This momentous occasion was the result of years of cooperative planning between Independence and key partners and set off a celebration featuring a series of interpretive vignettes brought to life by. LE rangers perform a variety of safety-related functions. historical actors and period music. The park envisions a program that will connect all learners. These sites center on the ideas and ideals that led to the creation of the United States. emergency medical treatment and structural fire protection. Interpretive staff during FY 2003 provided a distance learning program for elementary and middle school students. With Independence Hall and the National Constitution Center acting as the Mall’s anchor points. V I S I T O R S A F E T Y S E RV I C E S Law enforcement (LE) rangers work around the clock. I The park's LE rangers perform foot. On entering the Liberty Bell Center. near its former home. to ensure visitor safety and to provide protection for the park's historic resources. The full range of needs with respect to the park's law enforcement programs is outlined in the “Homeland Security” section of the business plan. allowing visitors to view this national icon against the backdrop of another: Independence Hall. as a prominent reminder of the true meaning of Independence National Historical Park. L I B E RT Y I N M OT I O N On October 9. seven days a week. vehicle and bicycle patrols to deter crime and protect visitors.E D U C AT I O N ndependence formalized its commitment to education at the close of FY 2003 with the hiring of a Supervisory Education Program Specialist and the creation of a formal education program. the Liberty Bell now takes its rightful place. a new building specially constructed to house this precious artifact and a wide array of interpretive exhibits. They work closely with local police and emergency service providers as the park's high visitation ensures a constant demand for emergency medical services. visitors now are greeted by exhibits detailing the bell’s history and a video produced by the History Channel. Franklin Court and the many other sites at Independence. the Liberty Bell. park staff. both intellectually and emotionally. including law enforcement. 2003. in addition to their other assigned duties. 17 . to the resources and stories of Independence Hall. The Bell itself is prominently displayed against a wall of glass at the south end of the center. the Liberty Bell was carefully moved into the Liberty Bell Center. The Liberty Bell Center is an important piece of the redevelopment of Independence Mall.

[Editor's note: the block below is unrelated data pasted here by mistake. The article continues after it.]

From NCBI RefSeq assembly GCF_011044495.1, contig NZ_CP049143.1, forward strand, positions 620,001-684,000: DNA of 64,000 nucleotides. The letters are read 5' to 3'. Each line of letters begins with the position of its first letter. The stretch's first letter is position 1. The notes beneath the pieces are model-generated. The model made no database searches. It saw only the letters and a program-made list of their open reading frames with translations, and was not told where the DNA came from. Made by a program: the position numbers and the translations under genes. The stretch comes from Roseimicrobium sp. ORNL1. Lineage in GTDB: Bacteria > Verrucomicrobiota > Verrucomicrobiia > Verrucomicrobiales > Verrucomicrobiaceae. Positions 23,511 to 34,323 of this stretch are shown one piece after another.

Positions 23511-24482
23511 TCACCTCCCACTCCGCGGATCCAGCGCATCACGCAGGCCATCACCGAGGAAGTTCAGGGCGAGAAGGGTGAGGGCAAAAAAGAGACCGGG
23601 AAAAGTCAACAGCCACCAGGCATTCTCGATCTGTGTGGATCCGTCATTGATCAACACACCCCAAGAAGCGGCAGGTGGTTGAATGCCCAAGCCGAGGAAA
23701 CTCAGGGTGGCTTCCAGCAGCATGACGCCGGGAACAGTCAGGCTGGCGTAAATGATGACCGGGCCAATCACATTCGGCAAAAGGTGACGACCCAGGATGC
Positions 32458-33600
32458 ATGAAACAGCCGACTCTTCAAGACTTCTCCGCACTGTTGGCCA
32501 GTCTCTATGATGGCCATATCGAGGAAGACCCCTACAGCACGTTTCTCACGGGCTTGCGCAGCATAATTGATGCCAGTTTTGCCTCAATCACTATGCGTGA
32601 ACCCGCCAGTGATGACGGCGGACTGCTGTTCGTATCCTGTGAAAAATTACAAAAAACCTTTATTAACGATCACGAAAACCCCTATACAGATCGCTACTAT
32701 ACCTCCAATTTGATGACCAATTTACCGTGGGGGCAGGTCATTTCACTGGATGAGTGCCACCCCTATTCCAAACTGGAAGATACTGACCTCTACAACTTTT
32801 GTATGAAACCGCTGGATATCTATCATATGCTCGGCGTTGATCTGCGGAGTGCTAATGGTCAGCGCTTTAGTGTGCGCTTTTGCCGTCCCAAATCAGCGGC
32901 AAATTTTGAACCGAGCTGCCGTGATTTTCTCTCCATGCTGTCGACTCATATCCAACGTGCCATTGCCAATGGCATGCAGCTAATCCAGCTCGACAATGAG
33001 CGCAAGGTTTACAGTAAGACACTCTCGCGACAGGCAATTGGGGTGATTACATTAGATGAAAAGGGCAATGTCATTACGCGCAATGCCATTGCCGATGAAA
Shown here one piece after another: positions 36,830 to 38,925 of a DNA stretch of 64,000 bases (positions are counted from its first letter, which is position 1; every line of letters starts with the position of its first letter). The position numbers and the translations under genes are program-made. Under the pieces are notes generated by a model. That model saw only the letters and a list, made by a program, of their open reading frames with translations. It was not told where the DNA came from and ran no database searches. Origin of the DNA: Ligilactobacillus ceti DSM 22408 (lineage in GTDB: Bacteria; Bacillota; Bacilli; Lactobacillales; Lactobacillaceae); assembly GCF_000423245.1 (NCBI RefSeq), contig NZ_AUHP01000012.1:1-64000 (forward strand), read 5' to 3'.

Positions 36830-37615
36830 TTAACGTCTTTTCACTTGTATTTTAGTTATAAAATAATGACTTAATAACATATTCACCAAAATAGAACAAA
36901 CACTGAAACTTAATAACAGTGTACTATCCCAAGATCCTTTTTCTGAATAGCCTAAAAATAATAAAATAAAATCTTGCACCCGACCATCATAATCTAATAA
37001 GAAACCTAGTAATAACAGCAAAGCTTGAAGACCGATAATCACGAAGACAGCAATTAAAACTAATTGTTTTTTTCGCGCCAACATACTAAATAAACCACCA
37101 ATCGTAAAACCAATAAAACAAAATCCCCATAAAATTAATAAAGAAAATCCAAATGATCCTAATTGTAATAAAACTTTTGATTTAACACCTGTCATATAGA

J A N I T O R I A L O P E R AT I O N S The custodial staff of the Maintenance Division are responsible for the sanitation and care of 36 historic and non-historic buildings within the park. excluding phone bills. Today. All of these activities are necessary on a regular basis to make the visitation experience both pleasurable and safe. and Utilities Operations. Grounds Operations. up from $1. which supplies up to 1500 tons of chilled water for air conditioning and humidification of a majority of the administrative and visitor use buildings. The motor vehicle operations staff operate a trash truck and collect trash daily from the buildings and from the 140 outdoor trash cans throughout the park grounds. Janitorial operations consist of the cleaning of interior buildings. the utilities group within the Maintenance Division monitors environmental conditions inside historic buildings with the Johnson Controls Metasys system and provides Cultural Resource Management staff with documentation that the required environmental conditions are maintained. With the addition of the National Constitution Center and the new Liberty Bell Center in FY 2004. The park uses water. Maintenance and Administration. Facility Operations. includes the costs associated with the park’s utilities bills.5 million in FY 2004. The remaining five programs contribute 38 percent of the total Facility Operations expenditures. staff empty ten new bomb-proof trash cans on park grounds up to four times daily. Additionally. U T I L I T I E S O P E R AT I O N S Utilities Operations. Janitorial Operations. The two programs that account for over 50 percent of the Facility Operations expenditures in Fiscal Year 2003 are Utilities Operations and Janitorial Operations. resulting in a deficit of 8. The shortfall of 10 percent in the required resources for this program is driven primarily by increasing utility costs. janitorial work and snow removal.3 million in FY 2003. A Independence owns and maintains a central chilled water plant. the energy costs of the park are anticipated to be a significant $1.* Maintenance Division staff are responsible for the bulk of the responsibilities in this functional area. * This number includes the four Unit Sites that are maintained with the park’s resources. with the addition of Washington square. and has three electrical distribution systems to supply emergency power. Trails Operations. With 46 buildings requiring both heat and cooling. the Maintenance Division is unable to fill the approved positions for janitorial services to achieve the standards for cleanliness and safety. steam and electricity for its daily operations. which accounts for 39 percent of the total Facility Operations expenditures.0 FTE. 18 . natural gas. and the collection of trash within the buildings. including lawn mowing.FAC I L I T Y o p e r a t i o n s wide range of equipment and personnel are needed for the daily operation of Independence National Historical Park’s 50 acres and 54 buildings. including public restrooms. In addition to operating the chiller plant. Transportation Systems and Fleet Operations. Staff from other divisions assist in the operation of the park facilities through activities ranging from preparing buildings for park visitors to arranging for payment of the park’s utilities bills. the acreage of the park is over 55 acres. These programs are: Buildings Operations. Because of the park budget shortfall. Seven distinct programs comprise the operations of the park’s facilities. there are 56 buildings on park property.